On the X-Ray Baldwin Effect for Narrow Fe Kα Emission Lines
Most active galactic nuclei (AGNs) exhibit a narrow Fe Kα line at~6.4 keV in the X-ray spectra, due to the fluorescent emission from coldmaterial far from the inner accretion disk. Using XMM-Newtonobservations, Page et al. found that the equivalent width (EW) of thenarrow Fe Kα line decreases with increasing luminosity(EW~L-0.17+/-0.08), suggesting a decrease in the coveringfactor of the material emitting the line (presumably the torus). Bycombining the archival Chandra HETG observations of 34 type 1 AGNs withXMM observations in the literature, we build a much larger sample with101 AGNs. We find a similar X-ray Baldwin effect in the sample(EW~L-0.2015+/-0.0426) however, we note that theanticorrelation is dominated by the radio-loud AGNs in the sample, whoseX-ray spectra might be contaminated by the relativistic jet. Excludingthe radio-loud AGNs, we find a much weaker anticorrelation(EW~L-0.1019+/-0.0524). We present Monte Carlo simulationsshowing that such a weak anticorrelation can be attributed to therelative short timescale variations of the X-ray continuum.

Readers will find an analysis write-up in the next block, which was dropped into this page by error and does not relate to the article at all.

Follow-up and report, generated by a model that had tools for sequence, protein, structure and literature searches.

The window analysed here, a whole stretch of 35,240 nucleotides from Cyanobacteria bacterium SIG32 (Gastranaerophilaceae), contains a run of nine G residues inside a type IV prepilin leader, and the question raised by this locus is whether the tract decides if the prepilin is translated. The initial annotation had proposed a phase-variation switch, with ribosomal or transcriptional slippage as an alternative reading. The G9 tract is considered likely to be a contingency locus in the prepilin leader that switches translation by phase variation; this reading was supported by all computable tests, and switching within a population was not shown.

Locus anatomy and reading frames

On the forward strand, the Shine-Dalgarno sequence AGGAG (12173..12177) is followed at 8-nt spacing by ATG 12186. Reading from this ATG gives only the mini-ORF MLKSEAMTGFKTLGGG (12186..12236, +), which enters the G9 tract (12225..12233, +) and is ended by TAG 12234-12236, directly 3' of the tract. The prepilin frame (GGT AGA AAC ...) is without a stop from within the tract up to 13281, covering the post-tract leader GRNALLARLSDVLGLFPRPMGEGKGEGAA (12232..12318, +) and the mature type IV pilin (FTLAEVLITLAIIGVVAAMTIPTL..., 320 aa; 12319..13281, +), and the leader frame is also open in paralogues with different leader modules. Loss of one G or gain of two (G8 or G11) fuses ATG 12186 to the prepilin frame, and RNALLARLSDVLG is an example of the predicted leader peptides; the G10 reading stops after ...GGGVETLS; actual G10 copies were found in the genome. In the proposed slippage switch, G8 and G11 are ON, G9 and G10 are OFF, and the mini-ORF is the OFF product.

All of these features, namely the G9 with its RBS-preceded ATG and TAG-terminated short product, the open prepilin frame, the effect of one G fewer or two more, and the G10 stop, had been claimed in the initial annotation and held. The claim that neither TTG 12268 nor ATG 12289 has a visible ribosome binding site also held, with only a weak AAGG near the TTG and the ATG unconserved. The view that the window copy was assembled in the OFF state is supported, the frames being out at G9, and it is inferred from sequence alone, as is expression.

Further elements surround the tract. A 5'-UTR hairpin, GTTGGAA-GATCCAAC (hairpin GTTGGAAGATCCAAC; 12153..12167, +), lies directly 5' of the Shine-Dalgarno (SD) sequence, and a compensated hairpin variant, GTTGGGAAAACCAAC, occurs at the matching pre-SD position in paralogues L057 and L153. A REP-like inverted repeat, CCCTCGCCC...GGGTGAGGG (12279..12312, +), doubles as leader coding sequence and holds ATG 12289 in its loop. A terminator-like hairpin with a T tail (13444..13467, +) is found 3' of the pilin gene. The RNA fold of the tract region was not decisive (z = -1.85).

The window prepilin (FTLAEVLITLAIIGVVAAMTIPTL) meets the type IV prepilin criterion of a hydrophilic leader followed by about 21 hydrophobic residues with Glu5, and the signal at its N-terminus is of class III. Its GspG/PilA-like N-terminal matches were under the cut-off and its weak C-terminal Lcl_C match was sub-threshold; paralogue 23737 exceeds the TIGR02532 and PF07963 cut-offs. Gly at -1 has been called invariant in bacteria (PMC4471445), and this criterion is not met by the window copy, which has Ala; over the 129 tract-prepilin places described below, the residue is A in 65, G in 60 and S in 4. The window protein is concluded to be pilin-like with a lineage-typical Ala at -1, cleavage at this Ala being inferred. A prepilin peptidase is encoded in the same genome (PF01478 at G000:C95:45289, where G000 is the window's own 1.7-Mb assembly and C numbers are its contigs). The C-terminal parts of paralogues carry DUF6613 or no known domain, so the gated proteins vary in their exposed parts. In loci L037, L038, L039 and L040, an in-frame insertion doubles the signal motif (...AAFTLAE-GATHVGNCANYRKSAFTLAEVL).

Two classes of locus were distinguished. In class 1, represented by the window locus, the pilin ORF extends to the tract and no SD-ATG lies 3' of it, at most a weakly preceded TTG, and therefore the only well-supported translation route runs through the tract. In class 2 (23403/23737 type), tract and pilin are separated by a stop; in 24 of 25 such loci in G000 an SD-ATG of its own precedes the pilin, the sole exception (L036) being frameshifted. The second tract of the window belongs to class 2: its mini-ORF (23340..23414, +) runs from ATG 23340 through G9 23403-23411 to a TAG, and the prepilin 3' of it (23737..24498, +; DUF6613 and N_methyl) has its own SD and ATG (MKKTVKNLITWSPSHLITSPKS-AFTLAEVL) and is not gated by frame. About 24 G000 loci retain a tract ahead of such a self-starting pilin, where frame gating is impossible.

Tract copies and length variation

A Galactic Origin for the Local Ionized X-Ray Absorbers
Recent Chandra and XMM-Newton observations of distant quasars have shownstrong local (z~0) X-ray absorption lines from highly ionized gas,primarily He-like oxygen. The nature of these X-ray absorbers, i.e.,whether they are part of the hot gas associated with the Milky Way orpart of the intragroup medium in the Local Group, remains a puzzle dueto the uncertainties in the distance. We present in this paper a surveyof 20 AGNs with Chandra and XMM-Newton archival data. About 40% of thetargets show local O VII He α absorption with column densitiesaround 1016 cm-2; in particular, O VII absorptionis present in all the high-quality spectra. We estimate that the skycovering fraction of this O VII-absorbing gas is at least 63%, at 90%confidence, and likely to be unity given enough high-quality spectra. Onthe basis of (1) the expected number of absorbers along sight linestoward distant AGNs, (2) joint analysis with X-ray emissionmeasurements, and (3) mass estimation, we argue that the observed X-rayabsorbers are part of the hot gas associated with our Galaxy. Futureobservations will significantly improve our understanding of thecovering fraction and provide robust tests of this result.

The Radius-Luminosity Relationship for Active Galactic Nuclei: The Effect of Host-Galaxy Starlight on Luminosity Measurements